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Lufthansa Avoids Second Strike, Making a Deal with Pilot Union

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Image for article titled Germany's Biggest Airline Avoids a Second Strike By Making a Deal with its Pilot Union

Photo: Horacio Villalobos (Getty Images)

German airline Lufthansa has narrowly avoided a second strike by making a deal with its pilot union at the last minute. The Vereinigung Cockpit pilots’ union had called for what would’ve been a second walkout in a single week at the airline, but now that Lufthansa is offering a more favorable contract, the union is cancelling the proposed walkout.

The union planned to strike Wednesday through Thursday for passenger plane pilots, and Wednesday through Friday for those flying cargo planes. This second walkout was to be a follow-up to another held last Friday, which grounded 800 flights and affected more than 100,000 passengers, according to the Associated Press.

The first walkout lasted only one day. A two- and three-day walkout would’ve disrupted Lufthansa’s flight plans massively, so the airline is now approaching pilots with a deal that’s allegedly good enough for them to call off the strike.

The Vereinigung Cockpit union originally asked Lufthansa for a 5.5 percent raise with back pay dating to July. The VC also wanted an 8.2 percent pay increase due in 2023 to keep up with high inflation in Germany. And pilots wanted a new pay structure and holiday calendar.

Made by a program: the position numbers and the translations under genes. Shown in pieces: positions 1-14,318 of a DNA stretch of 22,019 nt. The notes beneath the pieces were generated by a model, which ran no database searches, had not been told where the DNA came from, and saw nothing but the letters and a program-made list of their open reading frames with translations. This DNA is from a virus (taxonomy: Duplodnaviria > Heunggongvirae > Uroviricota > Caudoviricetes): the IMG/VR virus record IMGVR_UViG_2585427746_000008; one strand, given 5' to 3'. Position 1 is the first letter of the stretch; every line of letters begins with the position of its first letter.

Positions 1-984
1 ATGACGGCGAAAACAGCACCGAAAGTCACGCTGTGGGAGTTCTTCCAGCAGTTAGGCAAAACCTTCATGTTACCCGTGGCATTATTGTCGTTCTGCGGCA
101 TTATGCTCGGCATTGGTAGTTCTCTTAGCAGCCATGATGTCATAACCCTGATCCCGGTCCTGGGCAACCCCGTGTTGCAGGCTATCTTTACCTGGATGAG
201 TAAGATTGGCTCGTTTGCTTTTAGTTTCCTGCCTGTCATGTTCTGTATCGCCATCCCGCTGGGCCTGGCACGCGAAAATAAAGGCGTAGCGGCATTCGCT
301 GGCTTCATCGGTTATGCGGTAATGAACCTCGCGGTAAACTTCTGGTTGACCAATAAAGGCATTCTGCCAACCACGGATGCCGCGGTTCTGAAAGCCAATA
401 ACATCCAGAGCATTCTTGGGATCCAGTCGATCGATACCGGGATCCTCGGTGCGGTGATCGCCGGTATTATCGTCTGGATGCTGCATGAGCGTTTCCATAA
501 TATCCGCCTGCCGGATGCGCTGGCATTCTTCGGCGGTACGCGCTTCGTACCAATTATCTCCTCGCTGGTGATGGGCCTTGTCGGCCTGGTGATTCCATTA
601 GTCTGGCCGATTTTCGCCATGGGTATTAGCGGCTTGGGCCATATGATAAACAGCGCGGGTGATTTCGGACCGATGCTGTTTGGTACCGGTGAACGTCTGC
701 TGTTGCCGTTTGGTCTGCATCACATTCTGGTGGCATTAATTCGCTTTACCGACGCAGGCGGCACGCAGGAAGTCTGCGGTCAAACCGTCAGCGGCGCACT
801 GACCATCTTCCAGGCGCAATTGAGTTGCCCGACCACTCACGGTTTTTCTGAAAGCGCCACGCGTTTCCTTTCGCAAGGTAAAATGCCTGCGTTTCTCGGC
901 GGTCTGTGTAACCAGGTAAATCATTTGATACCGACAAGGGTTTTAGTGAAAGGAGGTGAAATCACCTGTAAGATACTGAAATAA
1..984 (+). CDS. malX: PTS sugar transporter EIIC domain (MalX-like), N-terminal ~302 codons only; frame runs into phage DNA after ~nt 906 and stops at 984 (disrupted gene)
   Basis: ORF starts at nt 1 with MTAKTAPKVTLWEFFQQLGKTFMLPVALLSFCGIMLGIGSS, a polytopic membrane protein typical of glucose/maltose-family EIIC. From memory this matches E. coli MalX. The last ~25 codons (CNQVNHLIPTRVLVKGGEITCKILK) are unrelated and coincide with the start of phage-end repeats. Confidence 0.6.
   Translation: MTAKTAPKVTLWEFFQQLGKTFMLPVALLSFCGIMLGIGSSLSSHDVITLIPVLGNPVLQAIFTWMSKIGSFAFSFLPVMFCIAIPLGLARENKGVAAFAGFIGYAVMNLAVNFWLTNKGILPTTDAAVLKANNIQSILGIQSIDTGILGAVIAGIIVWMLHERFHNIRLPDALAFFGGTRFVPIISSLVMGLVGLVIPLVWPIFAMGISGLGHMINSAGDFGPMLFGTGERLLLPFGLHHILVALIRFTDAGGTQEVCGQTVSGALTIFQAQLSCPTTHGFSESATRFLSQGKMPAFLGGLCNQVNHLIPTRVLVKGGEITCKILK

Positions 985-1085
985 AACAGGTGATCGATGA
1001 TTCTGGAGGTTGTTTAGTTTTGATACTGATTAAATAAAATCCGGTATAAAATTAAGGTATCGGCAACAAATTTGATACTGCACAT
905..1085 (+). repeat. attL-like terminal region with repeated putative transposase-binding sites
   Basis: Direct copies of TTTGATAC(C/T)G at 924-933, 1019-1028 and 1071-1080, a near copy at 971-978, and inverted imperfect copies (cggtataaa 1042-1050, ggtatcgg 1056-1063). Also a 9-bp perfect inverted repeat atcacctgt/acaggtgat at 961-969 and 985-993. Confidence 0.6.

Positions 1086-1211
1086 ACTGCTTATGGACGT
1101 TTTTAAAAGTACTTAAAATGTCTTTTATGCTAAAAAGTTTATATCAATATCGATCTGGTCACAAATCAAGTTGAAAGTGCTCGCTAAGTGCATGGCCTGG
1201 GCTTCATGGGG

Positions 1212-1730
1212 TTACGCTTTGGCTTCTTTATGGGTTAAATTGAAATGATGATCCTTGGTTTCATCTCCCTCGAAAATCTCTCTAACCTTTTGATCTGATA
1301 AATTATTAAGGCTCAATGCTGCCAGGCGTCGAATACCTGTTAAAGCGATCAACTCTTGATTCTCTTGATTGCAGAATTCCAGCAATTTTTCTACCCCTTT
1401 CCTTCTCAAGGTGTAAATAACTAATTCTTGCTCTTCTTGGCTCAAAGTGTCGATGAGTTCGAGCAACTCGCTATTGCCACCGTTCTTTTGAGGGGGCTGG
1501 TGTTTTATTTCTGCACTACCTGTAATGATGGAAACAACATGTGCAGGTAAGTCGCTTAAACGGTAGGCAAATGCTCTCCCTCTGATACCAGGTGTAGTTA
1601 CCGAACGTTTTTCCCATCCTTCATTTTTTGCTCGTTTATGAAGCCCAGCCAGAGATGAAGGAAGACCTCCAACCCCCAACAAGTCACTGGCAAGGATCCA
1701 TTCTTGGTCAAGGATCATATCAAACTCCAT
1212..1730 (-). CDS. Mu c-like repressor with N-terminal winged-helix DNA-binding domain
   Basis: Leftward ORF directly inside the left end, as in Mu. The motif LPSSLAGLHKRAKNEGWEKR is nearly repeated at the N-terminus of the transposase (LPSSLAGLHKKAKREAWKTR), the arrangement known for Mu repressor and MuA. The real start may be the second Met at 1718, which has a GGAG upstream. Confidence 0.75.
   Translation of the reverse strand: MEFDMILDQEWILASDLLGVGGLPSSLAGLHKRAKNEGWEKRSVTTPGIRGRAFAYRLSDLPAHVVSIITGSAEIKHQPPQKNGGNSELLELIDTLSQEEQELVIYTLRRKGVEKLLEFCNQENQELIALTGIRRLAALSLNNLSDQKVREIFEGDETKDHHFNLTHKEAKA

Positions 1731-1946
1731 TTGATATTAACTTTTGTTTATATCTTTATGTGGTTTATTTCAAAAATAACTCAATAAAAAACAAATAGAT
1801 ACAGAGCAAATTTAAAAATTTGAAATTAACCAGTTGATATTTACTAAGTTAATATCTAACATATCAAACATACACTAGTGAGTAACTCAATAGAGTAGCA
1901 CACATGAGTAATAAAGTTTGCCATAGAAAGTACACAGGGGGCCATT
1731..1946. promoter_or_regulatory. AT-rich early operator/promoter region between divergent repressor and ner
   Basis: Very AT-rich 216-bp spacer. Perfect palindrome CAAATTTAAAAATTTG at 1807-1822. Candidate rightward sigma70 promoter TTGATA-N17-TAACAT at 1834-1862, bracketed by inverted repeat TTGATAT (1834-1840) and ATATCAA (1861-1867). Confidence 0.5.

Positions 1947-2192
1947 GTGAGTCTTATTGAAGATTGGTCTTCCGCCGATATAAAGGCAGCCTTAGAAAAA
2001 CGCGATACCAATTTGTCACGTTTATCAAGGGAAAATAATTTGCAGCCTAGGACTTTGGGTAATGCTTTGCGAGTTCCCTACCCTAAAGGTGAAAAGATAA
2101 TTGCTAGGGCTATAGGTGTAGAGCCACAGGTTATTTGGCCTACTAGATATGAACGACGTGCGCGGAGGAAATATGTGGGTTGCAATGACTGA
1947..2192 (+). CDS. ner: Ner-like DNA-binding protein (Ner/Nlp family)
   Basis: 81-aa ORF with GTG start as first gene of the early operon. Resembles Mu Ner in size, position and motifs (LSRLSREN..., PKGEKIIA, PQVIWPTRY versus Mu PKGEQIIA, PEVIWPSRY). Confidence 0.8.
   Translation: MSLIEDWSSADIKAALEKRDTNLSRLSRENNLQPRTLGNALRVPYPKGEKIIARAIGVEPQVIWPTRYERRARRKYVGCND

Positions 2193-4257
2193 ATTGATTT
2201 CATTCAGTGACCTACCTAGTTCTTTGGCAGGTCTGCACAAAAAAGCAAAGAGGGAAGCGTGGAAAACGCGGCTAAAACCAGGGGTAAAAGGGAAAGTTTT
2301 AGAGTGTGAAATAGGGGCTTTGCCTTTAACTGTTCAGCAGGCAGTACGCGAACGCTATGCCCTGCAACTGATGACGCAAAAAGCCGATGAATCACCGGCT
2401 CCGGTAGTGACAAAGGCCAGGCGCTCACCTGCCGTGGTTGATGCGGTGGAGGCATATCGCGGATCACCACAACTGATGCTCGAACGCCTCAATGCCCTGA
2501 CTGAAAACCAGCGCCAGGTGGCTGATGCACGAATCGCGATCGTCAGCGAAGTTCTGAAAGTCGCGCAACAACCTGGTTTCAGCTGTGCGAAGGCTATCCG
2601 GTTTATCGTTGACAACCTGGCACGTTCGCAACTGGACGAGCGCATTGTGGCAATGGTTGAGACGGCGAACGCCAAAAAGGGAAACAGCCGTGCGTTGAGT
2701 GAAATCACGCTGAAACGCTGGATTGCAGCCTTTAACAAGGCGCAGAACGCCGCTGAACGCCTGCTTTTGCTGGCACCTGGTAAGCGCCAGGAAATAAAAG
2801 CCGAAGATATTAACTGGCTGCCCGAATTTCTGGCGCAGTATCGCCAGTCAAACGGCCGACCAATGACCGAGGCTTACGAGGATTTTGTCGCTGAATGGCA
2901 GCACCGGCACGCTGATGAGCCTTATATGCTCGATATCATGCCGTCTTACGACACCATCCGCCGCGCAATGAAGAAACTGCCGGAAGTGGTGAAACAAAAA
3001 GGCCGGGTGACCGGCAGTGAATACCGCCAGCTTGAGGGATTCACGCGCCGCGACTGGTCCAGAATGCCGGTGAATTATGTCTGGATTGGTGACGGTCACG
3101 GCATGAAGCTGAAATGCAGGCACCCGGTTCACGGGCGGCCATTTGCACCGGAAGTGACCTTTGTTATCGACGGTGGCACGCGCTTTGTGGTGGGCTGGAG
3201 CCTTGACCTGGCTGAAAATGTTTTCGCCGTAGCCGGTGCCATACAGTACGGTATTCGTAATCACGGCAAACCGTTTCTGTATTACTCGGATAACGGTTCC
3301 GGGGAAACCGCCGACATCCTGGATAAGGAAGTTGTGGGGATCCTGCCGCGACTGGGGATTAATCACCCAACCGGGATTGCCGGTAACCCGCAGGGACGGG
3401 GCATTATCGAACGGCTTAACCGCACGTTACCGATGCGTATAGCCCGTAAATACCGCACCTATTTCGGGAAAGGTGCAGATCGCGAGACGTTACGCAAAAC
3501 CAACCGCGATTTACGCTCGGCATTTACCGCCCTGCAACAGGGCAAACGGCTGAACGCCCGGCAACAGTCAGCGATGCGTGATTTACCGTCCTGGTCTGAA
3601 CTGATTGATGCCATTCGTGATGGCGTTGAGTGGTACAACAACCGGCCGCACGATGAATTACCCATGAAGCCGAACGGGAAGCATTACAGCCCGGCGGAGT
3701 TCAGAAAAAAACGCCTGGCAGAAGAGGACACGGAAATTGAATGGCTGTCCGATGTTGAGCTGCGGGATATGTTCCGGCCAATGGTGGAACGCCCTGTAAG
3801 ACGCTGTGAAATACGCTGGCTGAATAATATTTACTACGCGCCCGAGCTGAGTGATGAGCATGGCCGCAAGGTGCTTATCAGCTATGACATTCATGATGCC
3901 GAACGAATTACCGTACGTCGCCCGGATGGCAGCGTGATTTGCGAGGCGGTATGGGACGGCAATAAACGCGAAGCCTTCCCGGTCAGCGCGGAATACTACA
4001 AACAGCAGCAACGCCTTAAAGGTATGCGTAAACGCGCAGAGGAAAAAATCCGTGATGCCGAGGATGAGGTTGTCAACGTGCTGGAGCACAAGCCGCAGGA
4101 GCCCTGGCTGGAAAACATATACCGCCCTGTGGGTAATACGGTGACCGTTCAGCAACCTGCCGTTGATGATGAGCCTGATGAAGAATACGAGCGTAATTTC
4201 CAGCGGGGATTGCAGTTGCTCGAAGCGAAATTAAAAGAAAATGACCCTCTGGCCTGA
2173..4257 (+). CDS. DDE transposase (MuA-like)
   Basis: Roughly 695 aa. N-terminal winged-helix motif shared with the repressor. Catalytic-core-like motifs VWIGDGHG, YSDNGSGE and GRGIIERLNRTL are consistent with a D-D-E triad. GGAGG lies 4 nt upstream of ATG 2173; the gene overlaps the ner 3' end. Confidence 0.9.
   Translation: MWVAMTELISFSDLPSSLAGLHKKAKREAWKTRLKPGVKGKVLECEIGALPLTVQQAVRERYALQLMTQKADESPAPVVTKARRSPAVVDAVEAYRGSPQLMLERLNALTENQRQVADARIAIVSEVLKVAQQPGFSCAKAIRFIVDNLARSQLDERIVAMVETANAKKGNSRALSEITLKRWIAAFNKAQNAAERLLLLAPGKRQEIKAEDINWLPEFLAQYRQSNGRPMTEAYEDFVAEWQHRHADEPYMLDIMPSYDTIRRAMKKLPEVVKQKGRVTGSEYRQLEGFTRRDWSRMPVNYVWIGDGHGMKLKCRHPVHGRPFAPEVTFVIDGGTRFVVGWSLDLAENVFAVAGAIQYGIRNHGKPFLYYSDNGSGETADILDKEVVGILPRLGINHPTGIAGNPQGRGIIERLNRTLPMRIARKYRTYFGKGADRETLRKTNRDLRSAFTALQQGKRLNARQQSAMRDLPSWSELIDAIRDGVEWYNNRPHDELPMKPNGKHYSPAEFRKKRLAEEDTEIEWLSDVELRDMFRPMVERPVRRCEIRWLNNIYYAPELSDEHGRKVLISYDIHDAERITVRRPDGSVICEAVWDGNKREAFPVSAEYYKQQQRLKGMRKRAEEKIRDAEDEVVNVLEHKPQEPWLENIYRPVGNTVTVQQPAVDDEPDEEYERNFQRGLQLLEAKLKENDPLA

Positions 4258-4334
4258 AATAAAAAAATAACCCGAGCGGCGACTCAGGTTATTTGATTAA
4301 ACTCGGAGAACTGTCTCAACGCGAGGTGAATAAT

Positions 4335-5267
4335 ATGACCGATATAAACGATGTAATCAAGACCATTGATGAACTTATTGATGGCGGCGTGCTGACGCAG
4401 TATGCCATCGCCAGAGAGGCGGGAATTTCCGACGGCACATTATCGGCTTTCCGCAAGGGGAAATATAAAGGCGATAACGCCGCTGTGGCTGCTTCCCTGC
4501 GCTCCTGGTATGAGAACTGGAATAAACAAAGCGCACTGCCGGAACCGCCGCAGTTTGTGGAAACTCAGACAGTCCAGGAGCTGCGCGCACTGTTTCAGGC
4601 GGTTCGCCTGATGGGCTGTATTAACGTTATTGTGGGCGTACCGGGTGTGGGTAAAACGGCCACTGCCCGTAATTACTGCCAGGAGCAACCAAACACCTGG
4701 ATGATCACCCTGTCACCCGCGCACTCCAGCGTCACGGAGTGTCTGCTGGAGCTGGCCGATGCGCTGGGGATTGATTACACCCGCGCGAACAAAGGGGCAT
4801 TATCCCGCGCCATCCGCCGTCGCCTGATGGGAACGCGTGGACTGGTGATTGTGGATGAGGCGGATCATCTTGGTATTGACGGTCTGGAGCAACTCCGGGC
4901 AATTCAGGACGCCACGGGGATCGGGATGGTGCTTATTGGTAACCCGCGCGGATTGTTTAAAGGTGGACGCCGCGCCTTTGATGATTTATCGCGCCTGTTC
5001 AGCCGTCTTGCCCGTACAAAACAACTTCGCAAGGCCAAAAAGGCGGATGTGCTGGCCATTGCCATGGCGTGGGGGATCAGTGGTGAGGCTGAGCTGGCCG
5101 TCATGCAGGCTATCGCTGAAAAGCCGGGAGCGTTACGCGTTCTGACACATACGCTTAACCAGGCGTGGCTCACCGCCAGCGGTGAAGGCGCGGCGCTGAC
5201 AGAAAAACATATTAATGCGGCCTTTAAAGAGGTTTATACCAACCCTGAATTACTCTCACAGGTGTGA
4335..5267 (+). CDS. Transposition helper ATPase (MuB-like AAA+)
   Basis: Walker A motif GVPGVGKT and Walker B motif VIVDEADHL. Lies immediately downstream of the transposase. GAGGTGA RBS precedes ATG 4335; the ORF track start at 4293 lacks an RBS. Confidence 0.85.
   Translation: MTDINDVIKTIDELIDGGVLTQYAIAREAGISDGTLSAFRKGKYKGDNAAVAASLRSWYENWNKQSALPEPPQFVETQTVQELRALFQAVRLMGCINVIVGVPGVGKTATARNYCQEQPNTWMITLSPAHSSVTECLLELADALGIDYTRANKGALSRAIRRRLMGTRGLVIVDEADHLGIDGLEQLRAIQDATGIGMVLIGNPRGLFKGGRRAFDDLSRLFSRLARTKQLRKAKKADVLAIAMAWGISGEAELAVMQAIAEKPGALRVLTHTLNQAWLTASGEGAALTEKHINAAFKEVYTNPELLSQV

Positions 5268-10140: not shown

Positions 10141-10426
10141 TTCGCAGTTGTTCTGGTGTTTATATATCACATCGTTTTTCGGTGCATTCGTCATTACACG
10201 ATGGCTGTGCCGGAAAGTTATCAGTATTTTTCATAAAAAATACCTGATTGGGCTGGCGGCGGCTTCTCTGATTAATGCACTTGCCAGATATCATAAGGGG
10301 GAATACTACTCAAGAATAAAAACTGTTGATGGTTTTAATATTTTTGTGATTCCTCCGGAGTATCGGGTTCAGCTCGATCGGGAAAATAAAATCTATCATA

Lufthansa rejected the union’s initial demands, claiming it would increase staffing costs by 40 percent in the next couple of years, and end up costing the airline €900 million, or about $892.26 million at current exchange rates. The airline countered with a temporary pay raise of €900, or about $892. The raise was a one-off, according to AP News, and the union refused the counteroffer.

That led to the first walkout, leaving Lufthansa executives scrambling and grounding hundreds of flights. This is Germany’s biggest airline, after all. It looks like the carrier isn’t keen on a repeat of last Friday, but it’s unclear what the airline is now offering; the details of this latest deal will be “fleshed out” in the next few days, as Reuters reports. But if bargaining stalls again, it looks like the Vereinigung Cockpit and its 5,000 pilots are in a solid position.

Image for article titled Germany's Biggest Airline Avoids a Second Strike By Making a Deal with its Pilot Union

Photo: Christof Stache (Getty Images)

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